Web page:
In the photo from my childhood, although we lived in town, I was dressed like a country girl in my cowboy outfit complete with the boots. I called it my “cowby” clothes. The Sundays of my childhood were often spent going to the family-owned woods, adjoining the family farm and “running the dogs”. The farm was originally owned by my grandfather, later run by an uncle, and then the uncle’s son. I think that although we lived in town, this is where my country roots began.

So, I guess it really is true, you can’t take Beach City out of the girl.

Hiking In Winter

Hiking with dogs
Shelby takes in the trail scents

We are on a roll. Today is our 18th day in a row of hiking. We have been hiking religiously since the fall, but this is the longest stretch without a day off. We are eager to see how long we can keep it going. My husband carefully checks the forecast, and sometimes the weather radar, to find times during the day to go when it is not raining or snowing heavily. Given that it is January, our hikes have been pleasant and not overly cold.

I hate to think what the dogs’ reaction will be on the first day we are unable to go. Dogs appreciate routine and ours’ come to expect that if we do something two days in a row, it is now part of our schedules. Most days we depart near 2:00 pm for our outings. The dogs start pestering us starting about 1:50 now. They stare at us and begin to pace in anticipation for the fun to begin.

Hiking with dogs in Ohio
A snowy, winter hike with the dogs

We vary our choice of hiking location depending on weather, day of the week, upcoming plans, or maybe just on a whim. The day’s pick may be at a State Park, a County Park, a local cemetery, a Hike and Bike Trail, or just up the road and back. We even have a walking trail around our property to use in a pinch. You have to go around the loop about 5 times to make a mile though. Here is a link to a walk in our woods during the spring. Woods Walk

Most of our hikes are not extremely long. The average length is somewhere between 2.5 to 3.5 miles. The amount of exertion does not always correspond with the length of the walk though. If the terrain is especially hilly, rocky, or swampy, that 2.5 miles can seem far longer than a 3.5 mile walk.

I track all of our outings with the Walk For A Dog App to raise money for Northeast Ohio Shetland Sheepdog Rescue. It doesn’t raise a lot of funds but every little bit helps. (Many other non-profit rescues are available as beneficiaries on this App too!) I like the App because aside from being a fundraiser, it lets me know how far we have walked, the miles per hour, and the time each walk took us. You can also look back at the historical information to see how many miles you have walked over the past 30 days. When we get up over 50 miles a month, I start feeling really good about it!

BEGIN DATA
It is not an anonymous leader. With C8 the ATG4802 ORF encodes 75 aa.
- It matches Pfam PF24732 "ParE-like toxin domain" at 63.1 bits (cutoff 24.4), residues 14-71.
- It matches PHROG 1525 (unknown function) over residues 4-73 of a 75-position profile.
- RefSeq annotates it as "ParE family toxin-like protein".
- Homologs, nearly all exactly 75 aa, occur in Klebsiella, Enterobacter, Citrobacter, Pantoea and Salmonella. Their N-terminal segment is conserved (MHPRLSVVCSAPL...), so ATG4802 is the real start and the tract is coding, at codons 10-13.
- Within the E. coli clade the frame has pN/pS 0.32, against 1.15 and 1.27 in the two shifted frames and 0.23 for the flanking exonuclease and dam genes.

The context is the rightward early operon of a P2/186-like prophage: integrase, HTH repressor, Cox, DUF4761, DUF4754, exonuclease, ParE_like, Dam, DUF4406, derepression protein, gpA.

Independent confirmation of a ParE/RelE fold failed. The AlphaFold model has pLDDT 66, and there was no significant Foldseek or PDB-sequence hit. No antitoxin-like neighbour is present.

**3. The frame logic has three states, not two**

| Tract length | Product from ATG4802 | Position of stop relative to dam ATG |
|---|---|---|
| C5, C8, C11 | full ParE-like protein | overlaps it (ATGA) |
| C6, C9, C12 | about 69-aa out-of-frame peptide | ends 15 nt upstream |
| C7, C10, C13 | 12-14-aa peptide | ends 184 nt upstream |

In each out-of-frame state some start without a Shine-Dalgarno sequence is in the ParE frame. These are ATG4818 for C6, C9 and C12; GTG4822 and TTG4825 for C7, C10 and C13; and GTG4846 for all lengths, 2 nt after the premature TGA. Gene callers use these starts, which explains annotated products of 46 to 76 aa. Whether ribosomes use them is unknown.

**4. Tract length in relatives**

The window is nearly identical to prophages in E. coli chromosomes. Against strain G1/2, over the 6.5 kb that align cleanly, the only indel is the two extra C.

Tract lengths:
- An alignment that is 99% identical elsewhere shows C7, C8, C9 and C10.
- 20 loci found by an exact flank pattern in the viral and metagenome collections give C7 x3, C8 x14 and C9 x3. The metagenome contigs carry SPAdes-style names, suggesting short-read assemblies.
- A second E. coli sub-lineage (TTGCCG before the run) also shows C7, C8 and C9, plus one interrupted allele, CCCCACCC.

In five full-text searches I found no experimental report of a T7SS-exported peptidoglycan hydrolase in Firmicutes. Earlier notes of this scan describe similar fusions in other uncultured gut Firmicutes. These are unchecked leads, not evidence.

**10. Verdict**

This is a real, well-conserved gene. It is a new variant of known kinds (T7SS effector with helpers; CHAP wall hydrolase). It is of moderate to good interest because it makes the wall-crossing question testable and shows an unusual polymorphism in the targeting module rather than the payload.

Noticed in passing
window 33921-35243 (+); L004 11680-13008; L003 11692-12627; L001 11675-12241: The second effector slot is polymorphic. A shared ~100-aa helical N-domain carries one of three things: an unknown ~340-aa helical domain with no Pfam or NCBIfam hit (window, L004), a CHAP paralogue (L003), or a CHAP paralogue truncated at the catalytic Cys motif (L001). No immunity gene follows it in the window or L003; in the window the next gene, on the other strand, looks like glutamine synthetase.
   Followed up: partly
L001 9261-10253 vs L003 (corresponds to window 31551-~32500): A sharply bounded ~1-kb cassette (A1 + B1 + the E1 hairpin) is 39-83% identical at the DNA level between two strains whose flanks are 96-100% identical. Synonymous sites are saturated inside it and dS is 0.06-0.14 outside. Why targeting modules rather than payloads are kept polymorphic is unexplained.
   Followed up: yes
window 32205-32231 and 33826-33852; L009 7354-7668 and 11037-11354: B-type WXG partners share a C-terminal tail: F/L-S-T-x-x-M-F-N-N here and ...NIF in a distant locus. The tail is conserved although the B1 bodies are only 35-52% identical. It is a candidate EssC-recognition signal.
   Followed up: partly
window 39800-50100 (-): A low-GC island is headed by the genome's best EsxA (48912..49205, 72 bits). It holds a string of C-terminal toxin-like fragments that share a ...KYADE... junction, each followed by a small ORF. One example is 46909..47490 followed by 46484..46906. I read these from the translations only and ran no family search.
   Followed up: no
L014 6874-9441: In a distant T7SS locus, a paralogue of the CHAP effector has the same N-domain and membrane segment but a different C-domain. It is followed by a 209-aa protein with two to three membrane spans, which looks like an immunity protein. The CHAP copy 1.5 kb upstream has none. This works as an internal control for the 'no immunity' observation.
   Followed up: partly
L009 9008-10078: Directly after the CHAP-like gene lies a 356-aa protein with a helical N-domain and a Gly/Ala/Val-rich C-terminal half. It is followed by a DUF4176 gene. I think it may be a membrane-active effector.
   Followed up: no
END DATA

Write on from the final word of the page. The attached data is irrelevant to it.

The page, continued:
We enjoy our hikes for multiple reasons. Of course getting exercise and spending time with the dogs are the obvious rewards. We also get to see what birds are in the woods at this time of year. We see what plants and bushes stay green late in the season and throughout the winter. It is easier to locate side trails and see the paths that streams take without all the undergrowth obscuring the view. The sounds of the winter woods are different from other seasons too. Each season has its own beauty and can be appreciated in different ways.

So, here’s to Hike #19. Onward and upward!

How Technology Helped Us Today

Walk for a dog app mapping our hike
Today’s hike, mapped by the Walk for a Dog App

We took a different route on our hike this afternoon. We hiked for an hour and fifteen minutes. Some of the time we were not exactly sure where we were. We had a general idea, but it is easy enough to get turned around. What do you do when you and your hiking partner do not agree on which direction you are going? You download a Compass App and find out. Isn’t technology great?! There is little chance that we could actually get lost in the area we were hiking. It’s just a matter of how long until we get back to the car.

None of the dogs cared. They are happy to hike anywhere and for as long as we want. They did enjoy this particular hike because we were in the woods all the time and we didn’t encounter another person the entire time. And only Zekie cares about other hikers, bikers, etc.

We hike with five of our dogs. I walk Shelby and Claire, the two shelties, and Zekie the Keeshond/Sheltie mix. Hubby walks our greyhound Cassius, and Baxter the Lab/Rottweiler mix. We often elicit oohs and ahs at the sight of our pack. Little Nikki, aged 13, stays at home in front of the fireplace soaking up the heat.

Although our hike was a little over an hour and slightly more than 2.5 miles, it tired the dogs out. Even Zekie the Wonder Dog is resting for the evening. Zekie the Wonder Dog  Until our next hike…

Zekie resting post-hike
Zekie resting post-hike

Hanging out with Claire waiting for better times.

Better Times Are Coming!

Hanging out with Claire while waiting for better times.
Hanging out with Claire while waiting for better times.

I have spent a lot of time recently focusing on how to survive in a pandemic world. In retrospect, most of these ideas are good to apply to our lives in general. But most of us are searching for extra help and guidance right now. When we are spending so much more time and energy just to slog through our daily lives, there is little left over for getting beyond that. See my post giving you some ideas on how to cope. My Top 10 Ways to Deal With Isolation During the Covid Pandemic!